The Potluck

Brooklyn Center police chief says new citation policy is a ruse  

By: - October 14, 2021 6:00 am

Police in riot gear stand guard outside the Brooklyn Center police station shortly after body camera footage was released of the fatal police shooting of a 20-year-old Black man. Photo by Max Nesterak/Minnesota Reformer.

The interim Brooklyn Center police chief disparaged a recent announcement by the city’s mayor about changes to policing in the embattled suburban city. In an email to police employees, Chief Tony Gruenig said police didn’t play an active role in crafting the new citations and summons policy and already follow such a policy “in spirit.”

“This effort isn’t needed,” he said in the email obtained by the Reformer. “It’s possible that some exaggerations or some inaccuracies might be made during this (press) conference.”

Brooklyn Center Mayor Mike Elliott announced a new citation and summons policy on Sept. 28. He said police officers can only issue citations — not make arrests — during misdemeanor traffic stops like the April 11 stop that resulted in former police officer Kimberly Potter shooting and killing Daunte Wright, an unarmed, 20-year-old Black man. The suburb north of Minneapolis saw days of protests after the shooting, in which Potter said she mistook her Taser for her gun.

As the Reformer and other media outlets reported, little has changed in Brooklyn Center, even five months after Wright’s killing, illustrating the challenges of reforming public safety, especially in cash-strapped cities. 

Gruenig said in the email that he was invited to the press conference at which Elliott announced the changes, but “politely declined.”

“One of the many reasons I declined is we did not play an active, equal roll (sic) in crafting this and I did not think it would send the right message if I attended,” he wrote.

He said his staff examined all of the city’s misdemeanors, gross misdemeanors and felonies in the previous five years and found that the policy would have allowed someone to be released, rather than arrested, in .07% of cases.

He wrote that he wasn’t trying to disparage the mayor, but merely point out that the city already had a citation and release policy that “the city manager signed off on.”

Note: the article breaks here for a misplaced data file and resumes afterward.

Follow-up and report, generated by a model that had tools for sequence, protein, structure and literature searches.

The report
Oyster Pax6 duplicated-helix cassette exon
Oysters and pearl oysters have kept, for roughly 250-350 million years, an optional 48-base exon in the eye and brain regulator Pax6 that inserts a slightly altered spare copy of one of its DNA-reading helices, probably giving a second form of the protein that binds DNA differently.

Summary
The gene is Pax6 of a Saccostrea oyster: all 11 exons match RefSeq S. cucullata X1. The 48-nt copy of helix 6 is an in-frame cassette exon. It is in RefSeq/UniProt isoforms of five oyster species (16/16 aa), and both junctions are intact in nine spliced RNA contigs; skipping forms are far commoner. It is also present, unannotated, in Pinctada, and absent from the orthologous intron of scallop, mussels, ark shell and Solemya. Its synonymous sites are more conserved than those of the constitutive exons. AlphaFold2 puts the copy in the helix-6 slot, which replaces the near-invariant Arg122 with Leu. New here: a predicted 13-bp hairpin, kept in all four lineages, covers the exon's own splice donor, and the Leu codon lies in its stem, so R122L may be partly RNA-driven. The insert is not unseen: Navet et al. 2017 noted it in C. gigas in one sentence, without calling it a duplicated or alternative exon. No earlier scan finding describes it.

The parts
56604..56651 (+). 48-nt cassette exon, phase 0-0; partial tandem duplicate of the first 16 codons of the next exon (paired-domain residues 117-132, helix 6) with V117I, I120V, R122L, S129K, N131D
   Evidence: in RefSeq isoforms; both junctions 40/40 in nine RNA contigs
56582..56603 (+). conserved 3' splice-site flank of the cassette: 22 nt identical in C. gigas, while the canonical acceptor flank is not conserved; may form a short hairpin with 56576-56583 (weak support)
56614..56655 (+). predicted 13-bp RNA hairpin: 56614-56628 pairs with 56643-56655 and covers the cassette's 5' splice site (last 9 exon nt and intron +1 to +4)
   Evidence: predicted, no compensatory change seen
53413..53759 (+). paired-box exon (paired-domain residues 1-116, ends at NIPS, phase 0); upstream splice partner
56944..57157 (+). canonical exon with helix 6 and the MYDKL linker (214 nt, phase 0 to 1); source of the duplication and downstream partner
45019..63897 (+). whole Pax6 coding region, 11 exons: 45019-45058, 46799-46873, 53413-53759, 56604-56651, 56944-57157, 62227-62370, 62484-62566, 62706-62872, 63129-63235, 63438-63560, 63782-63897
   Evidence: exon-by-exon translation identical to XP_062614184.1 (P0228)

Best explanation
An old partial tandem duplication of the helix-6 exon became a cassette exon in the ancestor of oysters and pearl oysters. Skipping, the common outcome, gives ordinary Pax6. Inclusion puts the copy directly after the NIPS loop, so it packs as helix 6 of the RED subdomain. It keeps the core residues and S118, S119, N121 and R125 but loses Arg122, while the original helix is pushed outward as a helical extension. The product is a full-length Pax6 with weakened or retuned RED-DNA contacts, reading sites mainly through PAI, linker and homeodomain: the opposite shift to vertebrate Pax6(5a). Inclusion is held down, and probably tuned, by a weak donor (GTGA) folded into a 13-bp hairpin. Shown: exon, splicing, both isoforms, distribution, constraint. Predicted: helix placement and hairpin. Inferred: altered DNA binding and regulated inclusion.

“All along we have stated we have (a) cite and summons policy that we all follow in letter and in spirit and this effort isn’t needed,” he wrote. “It fell on deaf ears.”

Gruenig said the city manager, Reggie Edwards, “understands that you can’t just flip a switch and change a policy.” 

He said the mayor’s policy would be implemented “in the near future” after some changes, “But we don’t think this will have a major impact on day to day operations as we already do most if not all of these things already.”

The mayor, Gruenig and Edwards did not respond to a request for comment.

The policy allows Brooklyn Center police officers to cite people for misdemeanors or refer them to public assistance programs and then release them. For more serious misdemeanors, the officer can arrest people if required by law, or if they’re a threat to public safety. And they can arrest people for felonies, to protect public safety, and for certain sex and gun crimes.

Brian Peters, executive director of the Minnesota Police and Peace Officers Association and a former Brooklyn Center police commander, told KSTP — which first reported on the email — that it’s a minor policy change because officers don’t typically arrest people in most of the misdemeanor cases.

“I think politics is coming into play,” Peters told KSTP. “The mayor has been asked why isn’t this implemented yet, so now he’s trying to hurry up to show the public that what he promised is going to happen, but behind the scenes, pull back the curtain, there’s not much there.”

Peters did not respond to a request for comment.

The mayor of Brooklyn Center is a part-time position with a $13,000 annual salary.

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Deena Winter
Deena Winter

Deena Winter has covered local and state government in four states over the past three decades, with stints at the Bismarck Tribune in North Dakota, as a correspondent for the Denver Post, city hall reporter in Lincoln, Nebraska, and regional editor for Southwest News in the western Minneapolis suburbs. Before joining the staff of the Reformer in 2021 she was a contributor to the Wall Street Journal and the New York Times. She and her husband have a daughter, son, and very grand child. In her spare time, she likes to play tennis, jog, garden and attempt to check out all the best restaurants in the metro area.

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